When we discard the idea of “owning land” and instead acknowledge it is on loan to us, the natural inclination is to respect it and take better care of it. Like borrowing your best friend’s dress or staying at friend’s beach house – you treat it a little better than if it were yours.
Seven Generations Principle and “We do not inherit the earth from our ancestors, we borrow it from our children.”
The basic concept of this principle is every action we take, every product we use, we must take into account the effect in seven generations. Basically, leave our children’s children’s children’s children’s children’s children’s children’s children an earth equal to ours to enjoy.
What can we do to reduce the amount of a footprint we leave so years from now, the same beautiful stream we skip rocks into is there as we watch our grandchildren wade in it? How can we ensure these memories can continue for our children’s children?
“The Great Spirit gave you two ears and only one mouth so you can talk half as much as you listen.”
Since my kids are not quite into teen years and my one child is highly spirited and energetic, this lesson will be revisited again. Her fiery determination will serve her well, but to know which battles are worth the fight, she needs to learn to listen more than talk. As she sneaks toward thirteen, I suspect I will be revisiting this lesson myself.
“When man moves away from nature, his heart becomes hard.”
Henry David Thoreau would have liked this quote. Do we not feel the most grounded and breathe the deepest when outside? Picture the silence of a stark white, frigid day. Feel the crisp sting on your cheek and the catch of air as you attempt in inhale deep, only to cough from the cold. Now switch to the sticky, dampness of summer. If you lose yourself in the imagery, you can almost feel drenched hair clinging to your neck as the wind cannot even bring relief. The almost-too-ripe watermelon and thirst-quenching lemonade paint the day.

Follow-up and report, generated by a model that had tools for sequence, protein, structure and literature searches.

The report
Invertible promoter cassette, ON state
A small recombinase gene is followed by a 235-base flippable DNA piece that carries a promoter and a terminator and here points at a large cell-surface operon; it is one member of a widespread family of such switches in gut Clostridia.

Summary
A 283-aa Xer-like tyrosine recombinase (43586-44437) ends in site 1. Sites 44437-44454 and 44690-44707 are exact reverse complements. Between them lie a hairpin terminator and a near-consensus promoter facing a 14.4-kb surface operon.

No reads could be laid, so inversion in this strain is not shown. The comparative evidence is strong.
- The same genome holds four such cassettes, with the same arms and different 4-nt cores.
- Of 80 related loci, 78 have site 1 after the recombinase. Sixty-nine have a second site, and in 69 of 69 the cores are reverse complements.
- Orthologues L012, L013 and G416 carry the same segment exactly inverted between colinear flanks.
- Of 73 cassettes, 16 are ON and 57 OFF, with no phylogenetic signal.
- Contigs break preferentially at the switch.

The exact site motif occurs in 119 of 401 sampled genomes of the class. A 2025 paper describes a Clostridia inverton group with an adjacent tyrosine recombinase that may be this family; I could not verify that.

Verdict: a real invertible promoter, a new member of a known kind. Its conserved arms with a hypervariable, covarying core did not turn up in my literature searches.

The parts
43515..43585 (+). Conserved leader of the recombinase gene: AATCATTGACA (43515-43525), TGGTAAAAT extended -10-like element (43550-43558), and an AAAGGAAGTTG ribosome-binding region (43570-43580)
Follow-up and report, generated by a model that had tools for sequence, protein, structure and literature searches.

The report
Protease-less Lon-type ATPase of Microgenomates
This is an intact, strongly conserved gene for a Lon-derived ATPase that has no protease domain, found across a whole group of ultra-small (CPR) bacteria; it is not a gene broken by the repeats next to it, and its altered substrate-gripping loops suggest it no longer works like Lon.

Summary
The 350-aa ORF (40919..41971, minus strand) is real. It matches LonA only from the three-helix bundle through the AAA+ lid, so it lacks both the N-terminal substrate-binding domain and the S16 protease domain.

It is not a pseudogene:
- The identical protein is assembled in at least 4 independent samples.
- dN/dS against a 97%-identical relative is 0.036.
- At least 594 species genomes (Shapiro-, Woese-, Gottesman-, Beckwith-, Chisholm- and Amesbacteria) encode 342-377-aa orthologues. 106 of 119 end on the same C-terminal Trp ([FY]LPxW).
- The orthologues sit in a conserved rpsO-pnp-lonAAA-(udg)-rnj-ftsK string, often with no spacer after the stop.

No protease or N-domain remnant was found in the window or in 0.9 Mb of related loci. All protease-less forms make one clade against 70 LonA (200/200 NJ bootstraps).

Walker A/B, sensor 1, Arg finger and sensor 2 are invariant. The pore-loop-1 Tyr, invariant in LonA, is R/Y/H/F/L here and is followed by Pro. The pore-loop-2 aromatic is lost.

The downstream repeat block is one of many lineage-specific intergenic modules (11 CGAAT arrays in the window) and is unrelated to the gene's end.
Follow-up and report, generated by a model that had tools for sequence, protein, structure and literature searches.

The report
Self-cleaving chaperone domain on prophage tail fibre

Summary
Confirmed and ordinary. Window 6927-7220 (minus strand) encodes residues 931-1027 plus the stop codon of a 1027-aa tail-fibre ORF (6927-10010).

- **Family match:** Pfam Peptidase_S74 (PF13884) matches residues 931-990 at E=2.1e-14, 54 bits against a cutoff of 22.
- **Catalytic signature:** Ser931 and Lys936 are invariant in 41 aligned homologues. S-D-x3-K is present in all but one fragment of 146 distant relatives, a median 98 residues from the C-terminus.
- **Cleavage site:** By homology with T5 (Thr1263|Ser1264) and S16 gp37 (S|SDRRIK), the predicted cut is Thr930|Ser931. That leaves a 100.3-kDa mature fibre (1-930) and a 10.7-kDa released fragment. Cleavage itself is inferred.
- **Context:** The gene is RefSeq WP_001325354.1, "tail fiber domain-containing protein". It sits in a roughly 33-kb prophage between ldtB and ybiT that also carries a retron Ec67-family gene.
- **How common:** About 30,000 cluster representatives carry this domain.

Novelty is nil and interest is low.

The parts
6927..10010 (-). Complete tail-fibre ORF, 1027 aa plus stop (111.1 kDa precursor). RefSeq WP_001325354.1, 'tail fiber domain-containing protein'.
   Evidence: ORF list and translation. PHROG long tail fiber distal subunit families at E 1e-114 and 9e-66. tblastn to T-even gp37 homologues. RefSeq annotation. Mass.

Take it all away and what is left? Imagine the grey, pictureless cubicle, illuminated by a flickering, fluorescent light. Stale air scented with Clorox from yesterday’s cleaning. The quiet hum of your computer, whispers and clicking keyboards.
Which awakens your soul?
“There is no death, only a change of worlds.”
This has given comfort to those who have passed and we wait to revisit. Whatever the next realm is or how you name it, if you do, it has always given me comfort to read these words.
Tale of the two wolves.
In our household, we ask “which wolf are you feeding?” as a quick reminder we become what we chose to become.
An old Cherokee is teaching his grandson about life. “A fight is going on inside me,” he said to the boy.
“It is a terrible fight and it is between two wolves. One is evil. He is anger, envy, sorrow, regret, greed, arrogance, self-pity, guilt, resentment, inferiority, lies, false pride, superiority, and ego.” He continued, “The other is good. He is joy, peace, love, hope, serenity, humility, kindness, benevolence, empathy, generosity, truth, compassion, and faith. The same fight is going on inside you… and inside every other person, too.”
The grandson thought about it for a minute and then asked his grandfather, “Which wolf will win?”
The old Cherokee simply replied, “The one you feed.”
So in honor of Native American Heritage Month, I leave you with one final quote – one that only now would I pause to reflect on.
“Let us put our minds together and see what life we can make for our children.”